DESK REVIEWS | 02.01.03.03. Is access to health services universal? What are the potential barriers? Are there specific geographical areas or population groups for which access to health care is problematic?

DESK REVIEW | 02.01.03.03. Is access to health services universal? What are the potential barriers? Are there specific geographical areas or population groups for which access to health care is problematic?

Yes, universality is one of the principles of SUS. The SUS is based on three doctrinal principles: universality (any Brazilian citizen has the right to access health services in Brazil – this right is well stablished by the Federal Constitution, 1988), equity (aims to diminish health inequalities), and integrated care (regarding person-centred care) (Brazilian Ministry of Health, n.d.-b).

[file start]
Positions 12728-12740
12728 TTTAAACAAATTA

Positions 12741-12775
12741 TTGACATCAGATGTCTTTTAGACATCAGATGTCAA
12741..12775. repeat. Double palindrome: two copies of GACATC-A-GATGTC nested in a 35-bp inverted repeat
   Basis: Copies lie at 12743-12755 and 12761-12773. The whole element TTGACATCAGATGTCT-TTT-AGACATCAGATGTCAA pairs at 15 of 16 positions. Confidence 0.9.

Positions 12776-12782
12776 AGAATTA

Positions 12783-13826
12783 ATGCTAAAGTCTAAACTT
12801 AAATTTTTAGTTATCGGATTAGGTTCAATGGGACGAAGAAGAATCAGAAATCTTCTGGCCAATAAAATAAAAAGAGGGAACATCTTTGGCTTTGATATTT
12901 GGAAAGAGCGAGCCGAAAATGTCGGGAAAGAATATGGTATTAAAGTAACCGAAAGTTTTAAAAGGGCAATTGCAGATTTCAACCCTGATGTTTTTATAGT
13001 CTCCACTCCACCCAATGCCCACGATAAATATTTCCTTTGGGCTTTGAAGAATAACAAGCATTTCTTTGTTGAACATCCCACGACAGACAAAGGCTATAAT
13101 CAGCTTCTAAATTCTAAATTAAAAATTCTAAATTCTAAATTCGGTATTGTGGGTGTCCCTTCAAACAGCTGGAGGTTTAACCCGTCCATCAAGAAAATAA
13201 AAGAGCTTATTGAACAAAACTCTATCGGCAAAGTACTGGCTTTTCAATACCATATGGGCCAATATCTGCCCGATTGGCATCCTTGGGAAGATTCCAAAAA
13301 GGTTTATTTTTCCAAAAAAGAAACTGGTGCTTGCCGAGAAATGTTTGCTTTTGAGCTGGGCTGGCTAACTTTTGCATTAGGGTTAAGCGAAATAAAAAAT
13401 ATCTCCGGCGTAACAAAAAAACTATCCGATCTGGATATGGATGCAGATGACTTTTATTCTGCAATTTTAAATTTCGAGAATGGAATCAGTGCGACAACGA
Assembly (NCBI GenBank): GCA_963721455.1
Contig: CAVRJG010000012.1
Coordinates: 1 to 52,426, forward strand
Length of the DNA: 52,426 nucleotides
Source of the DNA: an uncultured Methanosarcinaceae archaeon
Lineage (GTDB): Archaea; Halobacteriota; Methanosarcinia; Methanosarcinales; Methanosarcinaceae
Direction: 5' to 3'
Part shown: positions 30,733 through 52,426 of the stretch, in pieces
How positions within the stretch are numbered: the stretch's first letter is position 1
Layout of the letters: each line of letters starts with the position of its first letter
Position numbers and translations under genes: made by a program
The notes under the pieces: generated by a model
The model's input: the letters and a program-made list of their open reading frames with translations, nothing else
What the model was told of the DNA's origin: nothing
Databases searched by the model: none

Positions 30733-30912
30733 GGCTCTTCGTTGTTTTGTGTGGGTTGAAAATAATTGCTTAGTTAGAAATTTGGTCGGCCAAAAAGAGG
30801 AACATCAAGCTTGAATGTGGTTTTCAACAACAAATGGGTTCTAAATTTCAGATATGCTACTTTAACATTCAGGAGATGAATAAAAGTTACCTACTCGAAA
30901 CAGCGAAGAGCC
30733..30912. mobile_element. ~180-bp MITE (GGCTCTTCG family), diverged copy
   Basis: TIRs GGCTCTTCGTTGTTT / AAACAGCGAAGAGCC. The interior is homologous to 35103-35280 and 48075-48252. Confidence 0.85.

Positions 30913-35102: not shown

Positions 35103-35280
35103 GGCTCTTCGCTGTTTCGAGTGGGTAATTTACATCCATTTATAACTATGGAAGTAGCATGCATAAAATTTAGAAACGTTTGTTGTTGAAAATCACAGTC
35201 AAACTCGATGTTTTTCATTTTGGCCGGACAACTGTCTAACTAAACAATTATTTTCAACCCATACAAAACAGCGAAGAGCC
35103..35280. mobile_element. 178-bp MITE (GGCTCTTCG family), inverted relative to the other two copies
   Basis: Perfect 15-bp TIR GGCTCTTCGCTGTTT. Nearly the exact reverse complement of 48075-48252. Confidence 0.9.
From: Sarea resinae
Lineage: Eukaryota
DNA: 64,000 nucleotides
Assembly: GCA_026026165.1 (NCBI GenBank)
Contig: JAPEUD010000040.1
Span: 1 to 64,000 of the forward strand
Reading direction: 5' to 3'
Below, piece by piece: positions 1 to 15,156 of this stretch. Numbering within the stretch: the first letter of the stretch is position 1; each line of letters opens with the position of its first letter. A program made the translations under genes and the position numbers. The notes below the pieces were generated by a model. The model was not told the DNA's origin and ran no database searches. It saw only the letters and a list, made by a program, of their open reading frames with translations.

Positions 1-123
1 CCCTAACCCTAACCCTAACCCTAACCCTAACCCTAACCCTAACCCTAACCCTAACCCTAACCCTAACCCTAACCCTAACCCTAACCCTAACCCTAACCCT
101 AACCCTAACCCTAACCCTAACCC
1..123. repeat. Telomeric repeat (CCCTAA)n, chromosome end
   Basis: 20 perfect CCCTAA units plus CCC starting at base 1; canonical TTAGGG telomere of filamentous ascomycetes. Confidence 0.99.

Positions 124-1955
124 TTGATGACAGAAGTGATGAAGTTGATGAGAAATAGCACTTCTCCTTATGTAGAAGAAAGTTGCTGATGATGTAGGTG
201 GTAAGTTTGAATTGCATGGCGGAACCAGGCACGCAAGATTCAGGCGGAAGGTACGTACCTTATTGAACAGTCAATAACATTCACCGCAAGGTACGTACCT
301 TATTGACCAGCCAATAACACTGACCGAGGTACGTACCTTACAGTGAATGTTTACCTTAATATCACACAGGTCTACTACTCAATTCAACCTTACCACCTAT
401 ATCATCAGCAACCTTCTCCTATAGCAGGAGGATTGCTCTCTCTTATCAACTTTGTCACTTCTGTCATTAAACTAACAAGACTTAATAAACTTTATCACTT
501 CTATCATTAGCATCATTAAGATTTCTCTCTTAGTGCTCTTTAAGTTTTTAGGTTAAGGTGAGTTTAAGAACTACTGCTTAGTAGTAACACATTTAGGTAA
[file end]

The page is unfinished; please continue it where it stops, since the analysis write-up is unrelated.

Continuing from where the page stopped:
Potential barriers for universal access to health are geographical (related to distance and transportation costs to health care units), financial (the more expensive the services are, the less accessible they become), managerial (quality of personal, waiting lists etc.), and informational (related to education, self-perception of health etc.).